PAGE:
Stop me if you’ve heard this before, but it appears as though the Colorado Avalanche are at an impasse with a top of the lineup talent and ready to cut bait. Assuming the validity of this report from Elliotte Friedman, it appears as though Tyson Barrie is this year’s sacrificial lamb, following in the footsteps of Paul Stastny and Ryan O’Reilly before him.
“You know what, I do think Tyson Barrie is going to go.
“I did a game there where Montreal was in Denver. Don Meehan was there at the time with Craig Oster. They’re the Newport guys who handle Barrie. I just got the impression from everybody involved that they weren’t really even in the same ballpark.
“Knowing the way they finished their year, I’ve got to think it’s very likely he moves on.”
This isn’t the first time their dirty laundry has wafted its way into other’s yards. Reports leaked as recently as last fall, indicating the two sides were at a fork in the road. Time hasn’t helped matters, clearly, and it appears as though the seeds of discontent are on the precipice of bearing fruit. The question then becomes whether the Canucks should or can pluck the low-lying defender.
How We Got Here
Barrie, 24, is a right-handed, high-producing transitional defenceman with high-end offensive talents — particularly at even strength, where his skating and high-end first pass are especially important. Though Barrie doesn’t possess the hardest shot, he’s a savvy thinker with the puck and has an uncanny ability for finding passing lanes in the offensive zone.
Looking through the six games of Avalanche zone entry data I’ve collected, Barrie leads their blue line by entries per sixty (18.1) and carry-ins per sixty (5.7), with a tame 16.7% of entries failing.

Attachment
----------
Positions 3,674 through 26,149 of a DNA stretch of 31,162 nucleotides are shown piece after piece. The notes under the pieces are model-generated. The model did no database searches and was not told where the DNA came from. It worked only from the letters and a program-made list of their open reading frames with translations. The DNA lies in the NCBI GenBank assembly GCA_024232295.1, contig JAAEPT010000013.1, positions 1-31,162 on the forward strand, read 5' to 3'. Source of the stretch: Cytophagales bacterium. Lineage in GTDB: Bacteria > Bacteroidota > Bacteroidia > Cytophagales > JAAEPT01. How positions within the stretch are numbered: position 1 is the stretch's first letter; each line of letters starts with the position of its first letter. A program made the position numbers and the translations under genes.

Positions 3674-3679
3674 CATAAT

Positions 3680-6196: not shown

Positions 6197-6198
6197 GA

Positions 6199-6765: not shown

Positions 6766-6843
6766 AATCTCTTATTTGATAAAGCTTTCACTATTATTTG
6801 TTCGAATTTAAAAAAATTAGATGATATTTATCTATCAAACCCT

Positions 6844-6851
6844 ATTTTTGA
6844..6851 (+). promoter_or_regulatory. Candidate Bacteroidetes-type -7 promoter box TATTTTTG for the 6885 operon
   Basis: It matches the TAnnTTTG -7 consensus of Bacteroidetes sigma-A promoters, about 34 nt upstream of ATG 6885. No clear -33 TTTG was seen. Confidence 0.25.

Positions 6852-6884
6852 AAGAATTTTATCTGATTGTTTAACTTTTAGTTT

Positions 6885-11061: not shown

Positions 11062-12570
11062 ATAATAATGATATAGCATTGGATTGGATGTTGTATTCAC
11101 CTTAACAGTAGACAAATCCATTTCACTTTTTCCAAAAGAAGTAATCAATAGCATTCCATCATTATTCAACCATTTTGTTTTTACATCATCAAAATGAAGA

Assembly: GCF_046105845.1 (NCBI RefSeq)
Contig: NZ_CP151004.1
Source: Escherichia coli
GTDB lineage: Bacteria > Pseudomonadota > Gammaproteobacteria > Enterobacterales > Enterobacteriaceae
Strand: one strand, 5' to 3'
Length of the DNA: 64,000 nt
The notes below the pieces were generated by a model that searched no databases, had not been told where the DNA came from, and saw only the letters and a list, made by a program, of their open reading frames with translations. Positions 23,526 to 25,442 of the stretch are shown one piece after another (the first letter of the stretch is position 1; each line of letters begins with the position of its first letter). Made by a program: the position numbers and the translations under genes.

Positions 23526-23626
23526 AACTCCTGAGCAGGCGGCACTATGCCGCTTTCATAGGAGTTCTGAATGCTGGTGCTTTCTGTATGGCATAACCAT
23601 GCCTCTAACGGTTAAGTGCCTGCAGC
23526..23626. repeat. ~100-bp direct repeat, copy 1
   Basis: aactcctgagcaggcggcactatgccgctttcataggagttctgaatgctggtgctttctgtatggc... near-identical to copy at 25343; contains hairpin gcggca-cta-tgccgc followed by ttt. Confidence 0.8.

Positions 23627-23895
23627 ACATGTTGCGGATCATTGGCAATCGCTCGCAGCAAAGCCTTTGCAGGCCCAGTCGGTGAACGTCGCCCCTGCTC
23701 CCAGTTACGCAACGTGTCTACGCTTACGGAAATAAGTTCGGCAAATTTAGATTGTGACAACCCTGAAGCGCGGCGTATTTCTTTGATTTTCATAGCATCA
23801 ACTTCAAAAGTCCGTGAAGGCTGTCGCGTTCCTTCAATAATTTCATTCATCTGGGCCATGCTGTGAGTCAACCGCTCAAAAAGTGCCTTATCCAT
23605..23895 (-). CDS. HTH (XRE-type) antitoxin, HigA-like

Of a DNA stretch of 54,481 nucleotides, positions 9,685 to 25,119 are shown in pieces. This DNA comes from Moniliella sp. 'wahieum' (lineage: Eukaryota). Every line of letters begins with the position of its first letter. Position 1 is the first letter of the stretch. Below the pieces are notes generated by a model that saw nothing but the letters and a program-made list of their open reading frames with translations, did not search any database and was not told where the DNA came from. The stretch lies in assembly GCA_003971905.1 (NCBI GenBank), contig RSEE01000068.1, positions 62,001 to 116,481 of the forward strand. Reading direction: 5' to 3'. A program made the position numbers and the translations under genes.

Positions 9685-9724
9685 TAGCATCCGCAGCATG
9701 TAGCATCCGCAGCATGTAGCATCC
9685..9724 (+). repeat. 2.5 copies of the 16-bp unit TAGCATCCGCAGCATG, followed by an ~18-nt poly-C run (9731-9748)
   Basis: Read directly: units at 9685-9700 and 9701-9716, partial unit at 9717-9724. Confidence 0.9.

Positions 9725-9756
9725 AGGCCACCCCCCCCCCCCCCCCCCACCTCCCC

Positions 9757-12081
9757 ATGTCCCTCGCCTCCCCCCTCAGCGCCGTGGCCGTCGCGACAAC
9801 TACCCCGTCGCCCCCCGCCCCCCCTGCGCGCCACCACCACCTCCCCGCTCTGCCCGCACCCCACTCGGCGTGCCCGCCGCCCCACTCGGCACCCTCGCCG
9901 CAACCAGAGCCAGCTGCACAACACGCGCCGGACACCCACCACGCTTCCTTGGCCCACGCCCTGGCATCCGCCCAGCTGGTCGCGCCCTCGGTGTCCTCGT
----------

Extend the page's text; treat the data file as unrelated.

Players of Barrie’s ilk are incredibly difficult to find. This is why they’re a hot market commodity until a long-term contract is holding them in place. Barrie is the latest entrant to an already saturated market on the blue line with Sami Vatanen, Hampus Lindholm and Patrick Wiercioch, to name a few of the available pieces.
Barrie is an exceptional case in this class, in spite of the restricted free agent status he shares with the names I’ve highlighted. For starters, his qualifying offer will be in a league of its own, at $3.2 million – a high value for a player Barrie’s age. Barrie is also eligible for salary arbitration – a status he shares with Patrick Wiercioch – which can prove to be an especially nasty order of business for everyone involved; and very likely a wedge driven between Barrie and the Avs as they enter this off-season.
The Avalanche, with the constraints of their internal salary cap in tow, are well within their rights to fear that process. Once an arbiter has determined the dollar value, the team can either agree to pay the player in question or let them walk in free agency – see Antti Niemi and Clarke MacArthur.